Review of "Coming Home Alone"

Dan DeMatteis wrote a delightful review of Coming Home Alone:

Set mainly in St. Thomas and Toronto, Ontario at the end of WWII, Coming Home Alone tells the moving story of a 'golden boy' from the farm country of Southwest Ontario and his struggles to find himself after his return from the front.

Captain Bobby Russell was medically discharged from his St. Thomas and Elgin Highlanders regiment at the beginning of 1945 with what we would now call PTSD, shell-shock back then. He makes his way back to his hometown, St. Thomas, in a daze and back to his mother, former girlfriend, farm and dairy business. There he is met with well-meaning but misplaced expectations from both the townspeople and from the wealthy, well-connected set he stumbles into on a stopover on his journey home in Toronto. Most affecting of all is the chilling reception he receives from his former girlfriend, personally offended by his hasty enlistment in the army and what she sees as his thoughtless abandonment of her love and affection.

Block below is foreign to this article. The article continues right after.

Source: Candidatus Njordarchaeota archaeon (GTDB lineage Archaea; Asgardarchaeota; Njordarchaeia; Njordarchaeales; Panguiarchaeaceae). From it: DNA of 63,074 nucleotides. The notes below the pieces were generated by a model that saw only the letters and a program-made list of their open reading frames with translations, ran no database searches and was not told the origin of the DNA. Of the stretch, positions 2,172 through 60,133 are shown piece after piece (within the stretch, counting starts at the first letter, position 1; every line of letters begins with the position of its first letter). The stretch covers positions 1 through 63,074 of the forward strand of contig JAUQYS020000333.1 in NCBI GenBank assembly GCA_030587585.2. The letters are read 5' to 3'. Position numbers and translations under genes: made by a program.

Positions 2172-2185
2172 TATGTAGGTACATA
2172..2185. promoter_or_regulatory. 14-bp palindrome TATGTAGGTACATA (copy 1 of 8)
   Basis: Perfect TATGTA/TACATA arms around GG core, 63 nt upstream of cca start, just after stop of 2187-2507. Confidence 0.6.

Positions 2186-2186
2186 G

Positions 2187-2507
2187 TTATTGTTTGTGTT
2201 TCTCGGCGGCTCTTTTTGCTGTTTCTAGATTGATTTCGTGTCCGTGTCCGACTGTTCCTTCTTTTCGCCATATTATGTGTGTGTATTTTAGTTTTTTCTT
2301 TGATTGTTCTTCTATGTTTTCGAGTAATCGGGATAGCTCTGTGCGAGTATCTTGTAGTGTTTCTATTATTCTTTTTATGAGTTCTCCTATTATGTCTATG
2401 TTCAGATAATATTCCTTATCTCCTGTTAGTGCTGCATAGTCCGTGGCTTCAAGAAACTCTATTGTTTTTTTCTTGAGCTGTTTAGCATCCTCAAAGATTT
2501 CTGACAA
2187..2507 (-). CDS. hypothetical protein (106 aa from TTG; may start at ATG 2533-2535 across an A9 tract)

This story of healing and reintegration into society is told against the background of Ontario politics, a shady business development scheme, a murder investigation and his mother's romance. I particularly liked some of the set pieces in the novel - the scenes in the local barbershop, the expropriation hearing, the account of the 1945 Provincial election and especially the luminous last section from Bobby and Susan's engagement through to the night of their wedding.

Metcalfe has a way with words. The dialogue seemed 1940s, south-western Ontario realistic to me. And a dry wit comes through the characters' speech and particularly from the narrator's comments.

If you like WWII novels, have a connection with Toronto and/or south-western Ontario or just like good well-told stories and complex intriguing characters, this is a good book for you.